After 23 meetings and seven drafts, the Williamsburg City Council is ever closer to completing the 2012 Comprehensive Plan, the long-range plan for the physical development of the city.
The Council met for the 23rd time for the Planning Commission public hearing. The plan could potentially permit the construction of an additional 400 single family homes and 3,200 multi-family dwellings. Some citizens are concerned with Williamsburg’s rising population, which is expected to grow from around 14,000 in 2012 to 21,000 by the year 2034.
“I’d like to recommend that we include a real study on the impact of the changes that we are making in terms of traffic, infrastructure and parking,” Terence Wehle ’77 said.
Wehle recently returned to Williamsburg for the small town atmosphere he experienced while attending the College of William and Mary.
“[The plan] definitely will change what I consider the character of Williamsburg,” Wehle said. “I think people love the small town, and I don’t know if we’ve had enough public discussion about how we want it to look. I don’t think I’ll enjoy it when I have to sit in traffic to get down to where I want to go, and then I have to look for a parking spot.”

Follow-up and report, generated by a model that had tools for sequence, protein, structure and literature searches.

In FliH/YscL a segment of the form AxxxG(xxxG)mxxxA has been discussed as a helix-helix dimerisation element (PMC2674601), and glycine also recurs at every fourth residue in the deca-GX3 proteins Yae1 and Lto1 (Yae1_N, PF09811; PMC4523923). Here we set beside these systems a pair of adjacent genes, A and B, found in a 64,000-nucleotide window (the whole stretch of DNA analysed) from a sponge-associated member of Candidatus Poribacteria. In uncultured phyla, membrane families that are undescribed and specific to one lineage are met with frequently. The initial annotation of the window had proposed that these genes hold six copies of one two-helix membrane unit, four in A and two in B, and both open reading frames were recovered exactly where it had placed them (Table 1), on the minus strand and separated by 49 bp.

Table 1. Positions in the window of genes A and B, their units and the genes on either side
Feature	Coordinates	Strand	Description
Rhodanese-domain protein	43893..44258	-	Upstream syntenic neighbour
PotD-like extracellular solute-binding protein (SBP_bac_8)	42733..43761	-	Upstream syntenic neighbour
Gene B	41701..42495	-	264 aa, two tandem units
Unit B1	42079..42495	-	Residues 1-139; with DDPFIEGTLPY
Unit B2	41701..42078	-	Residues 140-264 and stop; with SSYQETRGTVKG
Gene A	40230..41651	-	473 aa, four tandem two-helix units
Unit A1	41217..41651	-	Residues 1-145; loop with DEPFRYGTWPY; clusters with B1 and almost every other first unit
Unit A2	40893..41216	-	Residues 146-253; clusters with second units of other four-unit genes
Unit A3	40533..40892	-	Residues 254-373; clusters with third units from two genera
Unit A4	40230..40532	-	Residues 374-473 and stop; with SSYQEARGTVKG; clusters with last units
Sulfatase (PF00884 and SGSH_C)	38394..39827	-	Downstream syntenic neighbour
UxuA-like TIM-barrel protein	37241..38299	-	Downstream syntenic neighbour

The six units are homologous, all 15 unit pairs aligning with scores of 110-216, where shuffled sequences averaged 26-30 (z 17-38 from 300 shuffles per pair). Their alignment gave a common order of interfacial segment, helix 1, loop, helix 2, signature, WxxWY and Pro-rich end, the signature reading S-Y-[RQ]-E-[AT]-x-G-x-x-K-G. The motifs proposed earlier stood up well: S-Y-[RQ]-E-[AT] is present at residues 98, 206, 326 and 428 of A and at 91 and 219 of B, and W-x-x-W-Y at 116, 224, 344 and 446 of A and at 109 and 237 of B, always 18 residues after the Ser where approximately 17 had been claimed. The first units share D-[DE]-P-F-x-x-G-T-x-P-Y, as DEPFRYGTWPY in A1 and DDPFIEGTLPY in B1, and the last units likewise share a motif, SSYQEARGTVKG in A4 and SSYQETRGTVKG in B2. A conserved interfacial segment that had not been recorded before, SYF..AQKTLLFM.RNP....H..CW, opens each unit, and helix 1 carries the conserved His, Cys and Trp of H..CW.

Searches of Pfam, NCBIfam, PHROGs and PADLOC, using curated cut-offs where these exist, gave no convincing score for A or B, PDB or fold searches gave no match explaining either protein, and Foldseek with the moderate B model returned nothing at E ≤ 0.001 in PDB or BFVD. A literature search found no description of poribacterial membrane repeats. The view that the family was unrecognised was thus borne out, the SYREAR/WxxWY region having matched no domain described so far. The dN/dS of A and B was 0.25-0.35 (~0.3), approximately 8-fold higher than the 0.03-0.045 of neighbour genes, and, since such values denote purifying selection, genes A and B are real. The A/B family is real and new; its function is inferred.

The housing portion of the plan highlights more affordable housing, more senior housing and alternatives for college student housing. Williamsburg resident Claire Gould spoke in favor of the plan.
“Williamsburg needs to make itself more attractive to young professionals because this town is more than just retirees and students,” Gould said. “There are actually people here in their 20s and 30s who work here and like to shop here and spend money here and live here, but they can’t; they have to live in the county. … I think this new comprehensive plan is really a step in the right direction for making this town much more attractive to people like me.”
The plan incorporates commercial and economic points as well, including the development of new stores and business areas.
“As someone who graduated from the College and is now working for Colonial Williamsburg, I appreciate the direction that the city is going,” Jen Garrott ’10 said. “I would love to stay in the area a little bit longer.”
Wehle remains skeptical, worrying about the unanticipated effects of implementing the plan.
“I’m concerned that we’re moving very quickly, too quickly,” Wehle said. “We’re trying to do everything in one plan. I’d like to see us slow down and maybe implement some of the items, see how it works.”
The commission is expected to make a recommendation to the council for the comprehensive plan at their meeting Dec. 19.